Some among the social-reformist left here in Toronto have accused me of being academic. They paint their activism as real as opposed to my own activities.
I thought it appropriate, then, to provide a story first about my own resistance as a worker. I will do so in order to be able to point to such resistance when I am accused of being an armchair activist (as I was by a community organization here in Toronto, JFAAP, or Jane and Finch Action Against Poverty when I criticized the limitations of their efforts).
I will probably eventually post a separate section on my resistance as a Marxist father.
I am copying (with a few modifications) something that I wrote when I was a member of the Toronto Labour Committee (TLC), headed by Sam Gindin (I withdrew from the Committee because it is an organization that fails to distance itself adequately from the union movement and therefore lacks critical capacity for questioning the class nature of the society in which we live). It was used as part of a course that Herman Rosenfeld (member of the TLC and a former educator for CAW for around a decade and a half) and Jordan House (member of the TLC and also a member of the International Workers’ of the World (IWW)) and I developed and gave for airport workers at Pearson Airport in Toronto.
In the brewery where I worked (at first it was Carling O’Keefe Brewery and then Molson’s Brewery, in Calgary, Alberta, Canada), the pasteurizer (the machine that pasteurized the beer) made the bottling shop very, very hot in the summer and even early fall. The workers had traditionally worn either their own clothes or company-provided coveralls.
Occasionally, there were tours of the bottling shop since there was a catwalk where visitors could see the workers below. One day, the foremen started handing out T-shirts and pants. Workers were given the choice to wear either their own clothes, the T-shirt or the coveralls. On the T-shirt was inscribed “Let’s Just Say OV” (OV stood for Old Vienna beer, one of the kinds of beer producer there).
A few nights later, the two night shift foremen started handing out coveralls to those who were wearing their own clothes, saying that they had to either wear coveralls or the T-shirt and pants from that point on. A few accepted this, but I, who was working in my own clothing, refused to so. The foremen waited until 6:00 a.m.., when the bottling manager started working. At that time (an hour before the end of the shift), I was told to leave the premises–I was being sent home and disciplined for insubordination.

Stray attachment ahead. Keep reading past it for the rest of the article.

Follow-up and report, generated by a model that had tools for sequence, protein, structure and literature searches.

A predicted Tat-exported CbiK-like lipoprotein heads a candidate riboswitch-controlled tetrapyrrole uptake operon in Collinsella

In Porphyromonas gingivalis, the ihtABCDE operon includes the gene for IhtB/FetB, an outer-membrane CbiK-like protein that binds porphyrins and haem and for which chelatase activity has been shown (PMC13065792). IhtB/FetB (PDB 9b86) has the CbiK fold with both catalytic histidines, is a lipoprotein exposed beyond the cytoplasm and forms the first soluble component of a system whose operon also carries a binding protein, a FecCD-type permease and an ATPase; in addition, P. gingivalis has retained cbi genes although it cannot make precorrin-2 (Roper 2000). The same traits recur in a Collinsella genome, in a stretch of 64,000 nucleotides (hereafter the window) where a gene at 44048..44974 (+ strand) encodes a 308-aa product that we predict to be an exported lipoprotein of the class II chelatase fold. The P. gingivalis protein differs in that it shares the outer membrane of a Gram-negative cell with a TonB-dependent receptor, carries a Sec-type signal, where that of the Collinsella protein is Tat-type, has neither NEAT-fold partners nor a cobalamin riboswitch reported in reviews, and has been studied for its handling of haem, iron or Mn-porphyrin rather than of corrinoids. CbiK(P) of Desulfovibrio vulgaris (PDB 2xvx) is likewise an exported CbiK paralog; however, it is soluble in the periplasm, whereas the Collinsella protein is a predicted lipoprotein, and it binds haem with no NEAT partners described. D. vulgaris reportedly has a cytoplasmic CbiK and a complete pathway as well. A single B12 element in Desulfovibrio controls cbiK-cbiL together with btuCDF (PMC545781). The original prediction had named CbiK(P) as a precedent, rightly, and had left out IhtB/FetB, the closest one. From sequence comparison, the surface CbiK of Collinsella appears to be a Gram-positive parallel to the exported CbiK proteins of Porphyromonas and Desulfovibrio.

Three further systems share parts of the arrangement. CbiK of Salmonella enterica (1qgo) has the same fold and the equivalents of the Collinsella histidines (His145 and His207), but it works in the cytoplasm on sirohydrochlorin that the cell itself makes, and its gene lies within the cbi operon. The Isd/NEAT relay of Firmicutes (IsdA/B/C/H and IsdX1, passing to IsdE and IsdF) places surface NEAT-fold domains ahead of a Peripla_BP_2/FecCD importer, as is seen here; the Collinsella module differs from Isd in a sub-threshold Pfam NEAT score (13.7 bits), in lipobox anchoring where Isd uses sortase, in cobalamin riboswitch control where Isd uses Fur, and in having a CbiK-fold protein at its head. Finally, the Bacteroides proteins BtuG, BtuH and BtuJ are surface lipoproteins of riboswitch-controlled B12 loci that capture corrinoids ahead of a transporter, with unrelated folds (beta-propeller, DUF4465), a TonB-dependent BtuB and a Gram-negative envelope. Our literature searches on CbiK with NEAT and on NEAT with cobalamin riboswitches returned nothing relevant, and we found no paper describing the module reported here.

After consulting with the local union president, Bill Flookes, I showed up for my regular shift that night, wearing my own clothes. An hour into the shift, I was called in the office again. A foreman and the Union steward were waiting when I got there. In the discussion, I was that wearing the coveralls were too hot to work in. I willingly agreed to wear the company-supplied pants, but not the shirt that advertised the product. When asked why, I responded that I had nothing but contempt for capitalists and their representatives. The foreman sent me home once again.
After I was sent home, unknown to me at the time, another worker was ordered to replace me. That worker also had his own clothes on and refused to change into the T-shirt and pants or the coveralls after being ordered to do so. He too, was sent home. This occurred with another worker. The same thing happened; he too was sent home. A third worker was also sent home. Eventually, the foremen did not bother to send anyone further home; otherwise, they might not have had enough workers to operate the machines.
The issue was dropped, and the workers could wear their own clothes if they chose–or coveralls. The company withdrew the demand around the T-shirt and pants. A few workers resented what I had started, since they no longer received free T-shirts or pants, but in general there was support for the refusal: As one worker remarked, “The issue was a question of principle.”
There were three questions attached to this scenario (among other scenarios) for the course:
- What were some of the plans and decisions that made this action successful?
- What were some of the limits of this action–and things that might hold the union local back from moving forward after this action? How might these limits be addressed?
- What lessons can be learned from this experience for your own workplace, union and efforts to build the power of workers there?
When this scenario was presented to mainly union representatives at the course for airport workers, interestingly enough, most of the representatives, in their conversations, found that I should have filed a grievance and followed orders.
This experience taught me both the personal difficulty of resistance–my heart was pounding–and the importance of solidarity. It also taught me the limitations of solidarity and militancy at the micro level; despite the support from others workers, none of the workers questioned the legitimacy of the power of the employer to direct our working lives. The workers were in general militant (we organized the sabotaging of machines when a particular foreman tried to intensify our work, for example), but their attitude was general acceptance of the employer-employee relation.
For the course, we did not include the discussion that transpired between the bottling manager and the local union president, Bill Flookes, the morning of the second day that I was sent home. The bottling manager asked Bill if he knew what “that Marxist son-of-a-bitch had said?” Perhaps it should have been included in the course. Any opinions?